You don't define what you mean by "harder". In New England, the hardest time on the grid is in deep winter. The region is summer-peaking in terms of electricity demand, but political and structural problems cause the cost of electricity to go much higher in winter.
The basic problem is that the supply of natural gas into New England is limited, natural gas is a major fuel for winter heating, and by law residential heating customers get first dibs on the limited supply. This means commercial electric power plants can't use natural gas as a fuel on cold winter days because there simply isn't enough of it.
The bottleneck isn't the overall supply of natural gas. Plenty is being produced in North America due to fracking technology. The problem is getting this abundance into New England in sufficient volume. The existing pipelines are too small for the demand on a cold winter day. Years ago before the fracking boom, liquified natural gas terminals were built in Everret MA and someplace in New Brunswick or Nova Scotia (sorry, don't remember the details). More pipeline capacity overland was not built because there wasn't any excess gas in the rest of the continent to get.
Now with the technology advances that allow extracting vast quanties of natural gas from places like the Bakken formation (more oil than all of Saudi Arabia, but a lot harder to extract) and others in North America, there is suddenly a glut of natural gas at the other end of a thin straw from New England. When available, this gas is much cheaper than LNG brought in by ships. Also, LNG has to be planned on ahead of time, whereas with a pipeline you just turn on the spigot.
Despite a unusually cold last winter, none of the electric producers took the risk to order ahead the available but more expensive LNG. By the time it's cold, it's too late to arrange for a ship to show up in time. A contributor to this is that ISO-NE (the quasi-government agency that oversees the power grid here) discouraged commercial electric generators from arranging LNG. This may sound backwards, but they want new pipeline capacity built, and want to deliberately create more of a crisis than necessary to get the public to support the new pipelines.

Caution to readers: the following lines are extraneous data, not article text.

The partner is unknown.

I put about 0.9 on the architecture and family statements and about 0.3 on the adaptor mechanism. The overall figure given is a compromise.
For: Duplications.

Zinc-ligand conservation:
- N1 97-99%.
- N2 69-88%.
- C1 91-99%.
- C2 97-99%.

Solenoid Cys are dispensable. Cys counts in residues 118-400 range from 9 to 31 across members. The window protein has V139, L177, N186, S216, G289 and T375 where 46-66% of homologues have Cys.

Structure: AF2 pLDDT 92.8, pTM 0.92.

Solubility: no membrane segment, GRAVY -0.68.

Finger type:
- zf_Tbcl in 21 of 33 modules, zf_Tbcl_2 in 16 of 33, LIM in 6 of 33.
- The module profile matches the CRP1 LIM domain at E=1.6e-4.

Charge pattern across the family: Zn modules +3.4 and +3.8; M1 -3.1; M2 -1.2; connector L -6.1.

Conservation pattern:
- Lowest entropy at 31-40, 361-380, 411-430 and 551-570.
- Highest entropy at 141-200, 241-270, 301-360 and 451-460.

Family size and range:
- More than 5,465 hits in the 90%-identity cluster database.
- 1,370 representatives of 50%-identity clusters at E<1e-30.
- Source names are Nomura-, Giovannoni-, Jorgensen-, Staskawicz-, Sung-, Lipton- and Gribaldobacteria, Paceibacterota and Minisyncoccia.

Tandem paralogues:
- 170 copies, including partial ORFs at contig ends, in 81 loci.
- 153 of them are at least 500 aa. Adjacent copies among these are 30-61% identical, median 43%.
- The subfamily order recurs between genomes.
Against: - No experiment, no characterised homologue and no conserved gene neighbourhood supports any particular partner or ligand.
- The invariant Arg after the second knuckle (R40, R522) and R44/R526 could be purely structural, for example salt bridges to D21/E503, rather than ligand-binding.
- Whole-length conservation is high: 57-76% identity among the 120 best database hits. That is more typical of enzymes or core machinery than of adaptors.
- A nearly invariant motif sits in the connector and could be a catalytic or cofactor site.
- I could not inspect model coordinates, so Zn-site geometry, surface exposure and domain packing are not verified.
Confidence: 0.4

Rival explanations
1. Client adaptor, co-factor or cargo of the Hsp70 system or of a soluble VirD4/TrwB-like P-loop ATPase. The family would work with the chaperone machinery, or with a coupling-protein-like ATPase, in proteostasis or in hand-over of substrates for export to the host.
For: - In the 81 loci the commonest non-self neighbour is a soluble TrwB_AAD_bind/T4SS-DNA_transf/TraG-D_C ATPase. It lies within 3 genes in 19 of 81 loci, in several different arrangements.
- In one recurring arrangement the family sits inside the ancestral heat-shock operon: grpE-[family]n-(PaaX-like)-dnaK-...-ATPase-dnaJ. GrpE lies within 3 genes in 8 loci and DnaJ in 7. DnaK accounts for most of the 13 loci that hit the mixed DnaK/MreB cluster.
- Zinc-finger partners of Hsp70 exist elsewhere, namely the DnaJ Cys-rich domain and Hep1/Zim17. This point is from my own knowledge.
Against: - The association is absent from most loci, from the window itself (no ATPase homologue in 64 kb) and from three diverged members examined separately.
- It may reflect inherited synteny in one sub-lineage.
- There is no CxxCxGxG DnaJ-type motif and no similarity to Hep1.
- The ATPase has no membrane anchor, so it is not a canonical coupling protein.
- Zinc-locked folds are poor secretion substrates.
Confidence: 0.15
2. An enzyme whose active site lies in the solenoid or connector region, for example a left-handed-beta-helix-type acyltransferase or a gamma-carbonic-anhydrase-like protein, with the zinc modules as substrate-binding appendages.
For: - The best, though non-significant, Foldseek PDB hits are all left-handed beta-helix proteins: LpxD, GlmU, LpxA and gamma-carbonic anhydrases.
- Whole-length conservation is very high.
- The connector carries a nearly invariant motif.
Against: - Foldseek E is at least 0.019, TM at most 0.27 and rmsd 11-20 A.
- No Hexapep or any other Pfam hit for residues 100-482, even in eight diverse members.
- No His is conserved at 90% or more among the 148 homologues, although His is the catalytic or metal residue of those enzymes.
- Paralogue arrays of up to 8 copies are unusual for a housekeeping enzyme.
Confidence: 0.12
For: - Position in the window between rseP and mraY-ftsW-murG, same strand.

My town has a municipal electric company, as apposed to being served by one of the large investor-owned utilities like NSTAR and National Grid. Up until this year, we kept the price constant over the year. This meant we lost money in the winter and made it up in the summer. Last spring, "strips" (wholesale blocks of electricity contracted ahead of time) for January 2015 were selling for $.18/kWh, which is considerably more than our electric department sells it back to consumers. The spot market fluctuates much more widely, and last year hit much higher prices than $.18/kWh during peak demand times when the temperature was low.
This high winter price is solely due to unavailability of natural gas. Some producers have to shut down when there is less gas, and others switch to more expensive oil. Note that the expense here isn't just the oil, but the regulatory cost of burning more carbon to get the same energy. In summer, the wholesale cost is more like $.05/kWh or so, even during peak electric demand that exceeds the peak electric demand during winter.
But wait, it's even more messy than this. Generation capacity is actually being reduced in New England. The coal/oil plant at Salem Harbor has already been shut down, and the large coal burning plant at Brayton Point is scheduled to be shut down. These were done for environmental reasons, or more accurately, higher costs created by environmental regulations aimed at reducing carbon emissions. That may make some sense, but the generating capacity is not being replaced.
Not only are some large carbon-spewing plants being retired, but incredibly, the Vermont Yankee nuclear plant also. This plant was functioning perfectly well, and of course wasn't producing carbon emissions. Other regulations made it too costly to keep operating to the point where the owners decided that shutting it down was the best choice economically.
Yes, this whole issue is quite a mess, with lots of different groups pulling in different directions with different purposes.